Groove to the music and save the world

RAM FM really wants all sides to speak and be heard, a revolutionary concept these days.

ram fm 88 (photo credit:)
ram fm 88
(photo credit: )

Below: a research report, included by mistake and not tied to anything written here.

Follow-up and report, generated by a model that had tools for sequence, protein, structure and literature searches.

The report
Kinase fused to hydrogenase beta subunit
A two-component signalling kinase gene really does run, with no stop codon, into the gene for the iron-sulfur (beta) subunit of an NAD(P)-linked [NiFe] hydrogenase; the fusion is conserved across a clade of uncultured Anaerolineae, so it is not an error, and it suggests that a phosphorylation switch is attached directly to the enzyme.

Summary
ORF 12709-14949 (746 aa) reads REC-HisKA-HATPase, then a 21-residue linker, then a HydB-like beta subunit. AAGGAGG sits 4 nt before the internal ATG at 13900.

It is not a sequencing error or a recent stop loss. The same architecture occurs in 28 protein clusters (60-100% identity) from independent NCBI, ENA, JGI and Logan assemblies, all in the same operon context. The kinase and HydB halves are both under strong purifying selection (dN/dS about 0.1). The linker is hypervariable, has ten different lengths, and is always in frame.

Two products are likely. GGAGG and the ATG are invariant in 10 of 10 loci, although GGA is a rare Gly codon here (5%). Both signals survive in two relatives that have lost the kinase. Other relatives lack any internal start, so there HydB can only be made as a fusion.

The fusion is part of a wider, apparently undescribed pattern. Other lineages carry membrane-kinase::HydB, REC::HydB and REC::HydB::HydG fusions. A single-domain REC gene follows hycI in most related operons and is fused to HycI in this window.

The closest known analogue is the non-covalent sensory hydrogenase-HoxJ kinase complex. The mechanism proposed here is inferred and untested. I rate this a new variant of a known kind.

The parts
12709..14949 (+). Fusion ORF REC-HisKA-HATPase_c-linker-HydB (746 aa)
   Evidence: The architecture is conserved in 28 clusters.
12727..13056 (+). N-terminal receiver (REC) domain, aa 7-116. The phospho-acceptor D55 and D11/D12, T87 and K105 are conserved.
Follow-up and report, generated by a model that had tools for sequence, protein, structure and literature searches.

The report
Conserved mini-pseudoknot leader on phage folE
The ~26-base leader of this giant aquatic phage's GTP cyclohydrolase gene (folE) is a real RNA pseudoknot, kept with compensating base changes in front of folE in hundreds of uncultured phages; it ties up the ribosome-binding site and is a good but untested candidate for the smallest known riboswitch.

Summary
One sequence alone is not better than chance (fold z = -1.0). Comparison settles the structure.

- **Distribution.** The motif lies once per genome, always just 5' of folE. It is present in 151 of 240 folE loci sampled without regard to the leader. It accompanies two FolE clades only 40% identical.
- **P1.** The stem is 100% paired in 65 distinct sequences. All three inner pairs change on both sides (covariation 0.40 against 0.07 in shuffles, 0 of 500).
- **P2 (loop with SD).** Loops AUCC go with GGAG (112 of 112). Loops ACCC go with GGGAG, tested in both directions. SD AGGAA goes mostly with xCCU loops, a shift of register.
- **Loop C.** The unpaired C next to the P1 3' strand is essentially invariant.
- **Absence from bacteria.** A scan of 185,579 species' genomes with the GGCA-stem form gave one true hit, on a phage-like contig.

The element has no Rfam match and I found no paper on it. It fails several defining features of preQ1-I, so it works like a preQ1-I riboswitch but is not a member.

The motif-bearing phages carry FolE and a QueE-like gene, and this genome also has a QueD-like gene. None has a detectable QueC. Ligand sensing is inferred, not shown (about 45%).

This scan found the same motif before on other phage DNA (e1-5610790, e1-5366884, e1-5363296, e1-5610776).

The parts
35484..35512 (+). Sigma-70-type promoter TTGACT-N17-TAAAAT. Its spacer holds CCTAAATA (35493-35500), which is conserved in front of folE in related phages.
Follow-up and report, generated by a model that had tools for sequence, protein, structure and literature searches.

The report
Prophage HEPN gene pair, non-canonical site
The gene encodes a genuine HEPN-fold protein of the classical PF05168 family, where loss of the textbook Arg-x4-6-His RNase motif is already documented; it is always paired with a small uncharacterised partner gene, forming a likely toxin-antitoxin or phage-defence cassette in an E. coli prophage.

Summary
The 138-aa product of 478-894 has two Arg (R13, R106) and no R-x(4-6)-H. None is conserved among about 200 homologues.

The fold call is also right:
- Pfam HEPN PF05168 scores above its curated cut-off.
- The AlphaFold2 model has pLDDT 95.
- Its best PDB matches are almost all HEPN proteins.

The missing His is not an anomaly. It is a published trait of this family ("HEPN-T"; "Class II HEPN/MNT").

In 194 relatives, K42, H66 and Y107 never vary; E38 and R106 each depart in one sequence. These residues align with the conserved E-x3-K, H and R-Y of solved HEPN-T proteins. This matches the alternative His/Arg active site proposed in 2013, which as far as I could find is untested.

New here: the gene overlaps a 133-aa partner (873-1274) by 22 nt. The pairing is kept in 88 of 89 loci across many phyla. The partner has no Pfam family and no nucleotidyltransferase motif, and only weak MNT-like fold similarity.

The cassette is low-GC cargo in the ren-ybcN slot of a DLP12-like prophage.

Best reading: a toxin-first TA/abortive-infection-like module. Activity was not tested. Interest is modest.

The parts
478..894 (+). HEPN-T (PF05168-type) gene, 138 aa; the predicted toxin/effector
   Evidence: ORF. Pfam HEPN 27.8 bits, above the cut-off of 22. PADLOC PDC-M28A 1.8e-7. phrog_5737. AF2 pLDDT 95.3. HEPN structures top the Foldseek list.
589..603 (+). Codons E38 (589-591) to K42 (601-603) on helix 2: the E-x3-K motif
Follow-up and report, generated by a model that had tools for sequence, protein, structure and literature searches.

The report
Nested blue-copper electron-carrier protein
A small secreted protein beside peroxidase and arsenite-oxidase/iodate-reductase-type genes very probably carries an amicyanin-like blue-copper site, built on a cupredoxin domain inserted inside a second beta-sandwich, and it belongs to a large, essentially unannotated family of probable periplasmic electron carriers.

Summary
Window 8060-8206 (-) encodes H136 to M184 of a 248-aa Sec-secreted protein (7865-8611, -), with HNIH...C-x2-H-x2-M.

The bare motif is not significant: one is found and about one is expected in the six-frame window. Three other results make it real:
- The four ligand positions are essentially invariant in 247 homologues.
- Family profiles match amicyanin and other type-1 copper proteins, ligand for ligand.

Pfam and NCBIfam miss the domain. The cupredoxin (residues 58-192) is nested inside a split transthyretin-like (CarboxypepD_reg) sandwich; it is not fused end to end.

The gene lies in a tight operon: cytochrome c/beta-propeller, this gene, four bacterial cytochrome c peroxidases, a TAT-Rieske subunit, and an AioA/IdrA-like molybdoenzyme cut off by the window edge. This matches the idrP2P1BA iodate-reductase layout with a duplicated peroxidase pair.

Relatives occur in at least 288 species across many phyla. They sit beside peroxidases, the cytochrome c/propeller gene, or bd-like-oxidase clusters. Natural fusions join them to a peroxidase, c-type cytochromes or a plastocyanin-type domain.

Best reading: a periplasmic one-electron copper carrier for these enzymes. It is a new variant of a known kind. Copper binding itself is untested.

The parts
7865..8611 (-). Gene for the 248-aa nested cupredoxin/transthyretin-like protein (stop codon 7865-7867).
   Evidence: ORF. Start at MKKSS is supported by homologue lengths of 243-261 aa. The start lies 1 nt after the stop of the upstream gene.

'Don't it always seem to go/That you don't know what you've got till it's gone" - that's what Joni Mitchell sang. And it usually does seem to go that way. But when I started working at the radio station, RAM FM, last November, I knew what I had instantly. But since the Jerusalem studio was closed by the police on April 7 (the station has a studio in Ramallah as well and continues to broadcast from there) and its staff arrested, I've had time to reflect on just what the station stands for and what it has accomplished so far. The mission of RAM FM, which was founded by a South African Jewish businessman named Issie Kirsh in February of 2007, is to bring Israelis and Palestinians together in a peaceful, neutral arena: radio. I became an avid listener before I was ever on the air simply because I liked the music. I've been crazy about pop music since I was a kid and I loved the songs the station plays, both the new stuff and the oldies. Soon, I began listening to the shows that mixed talk and music, a format I was familiar with from my childhood in New York. I was drawn in by the broadcasters' breezy entertaining style, warmth and charm - and positive energy. One aspect of life in Israel that has long bothered me is the tendency to focus on the negative, particularly in public discourse. Israeli talk shows tend to degenerate quickly into screamfests. But here I'd found a station where people on all sides of the spectrum are able to present their positions without interruption, including settlers, ultra-Orthodox and government spokespeople. RAM FM really wants all sides to speak and be heard, a concept that is little short of revolutionary these days. And if anyone has a better idea of what to do right now, as the Beatles once sang, "We'd all love to see the plan." When station manager Maysoun Gangat called and asked if I would come in to discuss a show featuring movie reviews, I was thrilled. Having written about movies for The Jerusalem Post for seven years, I was excited to try a new challenge. And, yes, with the little bit of idealism that has not been squeezed out of me by living here, I hoped that I could contribute something to this station. I often feel like the only person in the Middle East who doesn't know how to solve the Israeli-Palestinian conflict. I have no idea how to broker an agreement or what the terms should be. When friends from abroad ask me what I think about the situation, my standard response is, "Don't ask me, I'm just a movie critic." I MOVED back to Israel with my family in 2000, just weeks before the beginning of the second intifada. I started writing about movies for the Post soon after the move, as the death toll from the conflict grew daily. I realized that the only way I could help at all would be to give people a chance to take a break and smile over one of my reviews, which I have always tried to make as entertaining and funny as possible. So when RAM FM approached me, I realized I could extend my focus and speak to both Palestinians and Jews who could listen to my show out of their common love of movies.I developed an instant rapport with my co-presenter and fellow film fanatic, Arda Aghazarian. I've never been as proud as the day Arda said, on air, "Everyone wants to do something to help the world, and Hannah is helping by making sure you avoid bad movies." Soon, I found myself humming, "Something tells me I'm into something good." So I was taken by surprise last week when a friend emailed me from America last Monday, asking if I was in jail. I quickly found out that the studio had been closed and that seven of my colleagues and friends were in jail, where they would end up staying overnight. Currently, they are under house arrest and are forbidden from communicating with anyone connected to the station. They were brought into court in handcuffs and leg irons. Had I been in the studio that day, doing my show or just having a cup of coffee, it's likely I would have received exactly the same treatment. Those arrested were Israeli Jews, Israeli Arabs, Palestinians and a South African citizen. I can't begin to address the legal questions regarding the station's license, but all I can say is I am sad that they were dealt with in this way. Once again, to quote the Beatles, "There's a shadow hanging over me." I hope it won't hang there for too long. Because as much as it is a personal loss to me to be off the air and to be cut off from my friends and colleagues, it is a greater loss to the station's listeners. This is the virtually the only arena I know of in which Israelis and Palestinians are able to bond by having fun. When listeners call in to try to win contests and win prizes, one caller will be Mahmoud from Ramallah, while the next may be Meital from Tel Aviv. Whether you are on the left or the right, Jewish or Palestinian, it is clear that this region is populated by both Israelis and Arabs and, contrary to the wishful thinking of extremists on both sides, nobody is going anywhere. Anything that can bring even a few of us together peacefully has to bode well for the future. So, let me end with my wish that the legal situation will be resolved quickly, and a quote from Fleetwood Mac: "Don't stop thinking about tomorrow." The writer is The Jerusalem Post's movie critic.